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The purpose of this paper is to provide an empirical comparative analysis on cross-border suspect wealth issues and international efforts to curb corruption-related…
The purpose of this paper is to provide an empirical comparative analysis on cross-border suspect wealth issues and international efforts to curb corruption-related suspect wealth. Through the lens of the United Nations Convention Against Corruption (UNCAC) and the Stolen Asset Recovery Initiative (StAR) Initiative, this paper illustrates the strength and limitations of current anti-corruption frames and as a result, sheds lights on the dilemmas of tackling suspect wealth on the ground.
This paper begins with an overview of the magnitude of suspect wealth; then it compares the focuses of the UNCAC and the StAR Initiative. The author draws upon lessons from previous suspect wealth settlement cases to illustrate the limitations of applying the international frameworks. Finally, this paper takes China as case study to highlight lessons for future anti-corruption efforts.
According to the StAR Initiative, $20–$40bn worth of public assets are stolen via corruption each year, amounting to 20% to 40% of development assistance annually. But the most recent data estimate that the total assets repatriated from OECD countries were $423m from 2006 to 2012, which was only a small fraction of estimated stolen assets. This highlights that tackling suspect wealth not only has moral value but also provides practical benefits for countries seeking development finance.
The UNCAC has brought international cooperation and the importance of transparency to the forefront of tackling suspect wealth. It creates an international norm for recovering and repatriating stolen assets. But due to its loose implementation and enforcement, the UNCAC has left loopholes in anti-corruption policymaking, particularly in countries lacking the rule of law. By comparison, the StAR Initiative takes innovative approach such as using insolvency for asset recovery and country-based capacity building to strengthen originating countries’ ability to repatriate assets. Both the UNCAC and the StAR Initiative are well-intended, but authoritarian regimes and weak rule of law often create dilemma for international collaboration.
This paper provides recommendations on how to further tackle suspect wealth with existing international frameworks.
Reducing suspect wealth contributes to society equity and restores public trust by recovering much needed public assets and development resources.
This paper illustrates the effect of UNCAC and the StAR Initiative through a comparative lens. It demonstrates how rising authoritarianism can create dilemmas for work against corruption and suspect wealth. Finally, it provides potential policy prescriptions for navigating such dilemmas via shared international efforts.
The purpose of this paper is to provide an empirical analysis on aid-related misconduct and sectoral regulatory failures. Via a series of Oxfam revelations, this paper…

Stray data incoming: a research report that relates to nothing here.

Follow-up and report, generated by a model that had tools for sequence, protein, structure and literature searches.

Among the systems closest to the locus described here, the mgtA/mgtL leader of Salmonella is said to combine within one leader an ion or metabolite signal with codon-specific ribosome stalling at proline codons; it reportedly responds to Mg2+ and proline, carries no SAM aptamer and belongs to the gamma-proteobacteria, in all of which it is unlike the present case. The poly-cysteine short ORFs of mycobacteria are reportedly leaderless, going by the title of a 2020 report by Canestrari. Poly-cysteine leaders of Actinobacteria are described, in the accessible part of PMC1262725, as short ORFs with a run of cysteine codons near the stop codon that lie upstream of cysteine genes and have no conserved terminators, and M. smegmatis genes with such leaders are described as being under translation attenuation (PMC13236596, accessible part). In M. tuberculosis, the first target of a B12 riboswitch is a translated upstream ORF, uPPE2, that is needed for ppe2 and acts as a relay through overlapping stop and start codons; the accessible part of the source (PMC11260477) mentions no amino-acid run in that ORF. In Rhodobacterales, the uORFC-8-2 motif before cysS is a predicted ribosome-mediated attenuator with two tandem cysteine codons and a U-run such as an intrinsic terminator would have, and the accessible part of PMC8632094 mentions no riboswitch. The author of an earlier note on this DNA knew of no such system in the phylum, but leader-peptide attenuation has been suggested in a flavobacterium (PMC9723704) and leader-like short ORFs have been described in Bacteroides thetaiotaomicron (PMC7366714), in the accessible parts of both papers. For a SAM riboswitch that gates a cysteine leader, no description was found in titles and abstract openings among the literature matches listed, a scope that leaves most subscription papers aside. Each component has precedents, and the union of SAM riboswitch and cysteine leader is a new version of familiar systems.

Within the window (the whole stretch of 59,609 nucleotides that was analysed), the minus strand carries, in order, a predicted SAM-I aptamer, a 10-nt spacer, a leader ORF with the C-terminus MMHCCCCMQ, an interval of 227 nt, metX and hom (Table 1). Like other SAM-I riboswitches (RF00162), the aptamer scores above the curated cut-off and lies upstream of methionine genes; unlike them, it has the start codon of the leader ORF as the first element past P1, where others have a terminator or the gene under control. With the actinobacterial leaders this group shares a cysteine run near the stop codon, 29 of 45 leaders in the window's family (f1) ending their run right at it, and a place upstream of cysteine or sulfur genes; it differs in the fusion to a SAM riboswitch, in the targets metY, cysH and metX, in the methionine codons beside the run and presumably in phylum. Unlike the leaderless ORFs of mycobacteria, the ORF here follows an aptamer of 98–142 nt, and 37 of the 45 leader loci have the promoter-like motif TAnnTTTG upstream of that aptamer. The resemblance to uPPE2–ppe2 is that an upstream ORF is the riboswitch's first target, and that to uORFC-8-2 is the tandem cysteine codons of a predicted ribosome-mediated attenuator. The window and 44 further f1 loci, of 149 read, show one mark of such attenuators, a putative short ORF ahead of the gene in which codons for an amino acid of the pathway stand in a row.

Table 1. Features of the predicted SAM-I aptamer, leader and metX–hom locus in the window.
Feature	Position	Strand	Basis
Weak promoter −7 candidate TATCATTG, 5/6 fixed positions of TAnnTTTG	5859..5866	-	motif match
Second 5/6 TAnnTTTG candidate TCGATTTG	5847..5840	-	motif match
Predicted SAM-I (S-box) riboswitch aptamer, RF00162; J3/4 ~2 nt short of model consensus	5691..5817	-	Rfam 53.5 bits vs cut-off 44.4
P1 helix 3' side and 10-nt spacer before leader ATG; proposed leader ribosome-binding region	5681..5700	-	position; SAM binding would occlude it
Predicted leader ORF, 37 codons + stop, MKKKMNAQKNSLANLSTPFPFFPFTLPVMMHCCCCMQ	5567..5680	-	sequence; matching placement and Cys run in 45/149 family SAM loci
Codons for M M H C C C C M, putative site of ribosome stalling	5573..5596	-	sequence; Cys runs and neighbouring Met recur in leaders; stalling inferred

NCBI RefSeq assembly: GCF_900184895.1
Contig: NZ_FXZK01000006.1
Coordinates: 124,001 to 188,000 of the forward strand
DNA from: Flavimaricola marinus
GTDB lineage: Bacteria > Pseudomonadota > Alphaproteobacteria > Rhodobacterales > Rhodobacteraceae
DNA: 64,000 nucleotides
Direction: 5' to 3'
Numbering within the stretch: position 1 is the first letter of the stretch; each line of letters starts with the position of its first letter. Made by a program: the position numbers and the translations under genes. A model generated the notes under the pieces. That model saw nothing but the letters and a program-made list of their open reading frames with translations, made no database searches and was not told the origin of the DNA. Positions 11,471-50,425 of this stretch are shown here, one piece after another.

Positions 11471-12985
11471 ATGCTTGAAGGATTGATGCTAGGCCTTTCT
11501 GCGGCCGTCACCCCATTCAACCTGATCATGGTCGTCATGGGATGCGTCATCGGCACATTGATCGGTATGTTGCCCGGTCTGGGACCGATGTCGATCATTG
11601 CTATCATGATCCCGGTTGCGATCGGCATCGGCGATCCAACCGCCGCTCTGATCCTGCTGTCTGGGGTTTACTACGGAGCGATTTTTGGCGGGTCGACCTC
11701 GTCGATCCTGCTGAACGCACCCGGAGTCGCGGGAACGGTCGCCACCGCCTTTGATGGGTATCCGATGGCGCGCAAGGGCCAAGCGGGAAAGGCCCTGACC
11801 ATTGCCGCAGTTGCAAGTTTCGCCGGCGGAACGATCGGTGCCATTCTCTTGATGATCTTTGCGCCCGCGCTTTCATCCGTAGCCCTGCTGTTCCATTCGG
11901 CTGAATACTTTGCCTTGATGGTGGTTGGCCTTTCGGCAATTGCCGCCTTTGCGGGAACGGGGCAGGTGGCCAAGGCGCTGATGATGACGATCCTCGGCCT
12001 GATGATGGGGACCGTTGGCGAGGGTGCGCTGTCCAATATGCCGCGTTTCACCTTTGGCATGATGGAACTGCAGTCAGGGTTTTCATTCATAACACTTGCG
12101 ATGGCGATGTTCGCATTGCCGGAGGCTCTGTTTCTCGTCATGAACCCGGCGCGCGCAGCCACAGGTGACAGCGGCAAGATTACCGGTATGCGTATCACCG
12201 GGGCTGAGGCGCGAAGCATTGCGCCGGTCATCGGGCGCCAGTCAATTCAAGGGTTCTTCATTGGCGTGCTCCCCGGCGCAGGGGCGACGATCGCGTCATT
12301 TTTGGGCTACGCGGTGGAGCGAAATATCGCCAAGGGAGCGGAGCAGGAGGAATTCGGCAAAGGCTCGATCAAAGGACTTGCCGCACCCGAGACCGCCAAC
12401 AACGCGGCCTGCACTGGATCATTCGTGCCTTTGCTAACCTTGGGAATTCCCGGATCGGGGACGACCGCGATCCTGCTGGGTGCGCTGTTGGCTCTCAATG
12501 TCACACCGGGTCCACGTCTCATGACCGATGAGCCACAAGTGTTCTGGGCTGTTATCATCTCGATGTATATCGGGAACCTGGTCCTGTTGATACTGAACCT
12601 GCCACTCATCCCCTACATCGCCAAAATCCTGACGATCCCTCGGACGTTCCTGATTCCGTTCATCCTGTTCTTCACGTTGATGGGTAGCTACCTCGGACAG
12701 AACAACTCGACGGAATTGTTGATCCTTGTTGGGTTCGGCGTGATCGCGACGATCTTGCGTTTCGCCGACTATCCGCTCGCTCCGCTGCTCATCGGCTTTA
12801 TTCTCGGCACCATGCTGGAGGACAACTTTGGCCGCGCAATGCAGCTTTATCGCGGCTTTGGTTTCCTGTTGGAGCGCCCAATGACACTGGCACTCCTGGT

The purpose of this paper is to provide an empirical analysis on aid-related misconduct and sectoral regulatory failures. Via a series of Oxfam revelations, this paper aims to highlight potential civil and administrative remedies to rectify wrongdoings and increase accountability in aid organizations.
Chronicling recent revelations of misconduct by aid workers, this paper begins with an overview of moral and legal responsibilities of the entrusted; then it illustrates how the Oxfam misconduct violates those moral and legal responsibilities in aid delivery. The author draws upon legal and administrative dilemmas on regulating the aid sector and aid workers’ behavior. Finally, this paper offers practical civil remedies for the harmed and administrative remedies for long-term institutional reforms.
The damage – across a broad spectrum of interests, caused by aid workers engaging in exploitative conduct – not only is a betrayal of the trust reposed by vulnerable people in these individuals but also a failure with far-reaching implications on the part of the donor organizations. The use of the criminal law in aid-related misconduct is highly problematic, assuming a specific offense is committed (which, in many cases, it may not have). There are jurisdictional limitations on the ability of donor countries and international regulations other than in regard to peacekeepers are almost nonexistent. Given such context, civil and administrative remedies provide a viable alternative for the harmed who seek justice.
Legal remedies can be highly jurisdictional contingent. Depending on the specific jurisdiction where misconduct takes place, there are potentially other suited remedies not mentioned in this paper to address aid workers’ unethical behavior.
This paper provides tips on using existing legal channel (the civil law) and available pro bono resources to hold transgressors and their employers accountable.
Effective regulating aid-related conduct prevents further harm on vulnerable people and restores public trust in the aid sector.
This paper addresses the regulatory blind spot on aid workers’ exploitative conduct through the context of Oxfam revelations. Second, it provides practical policy recommendations for navigating legal and administrative dilemmas on regulating aid workers’ behavior.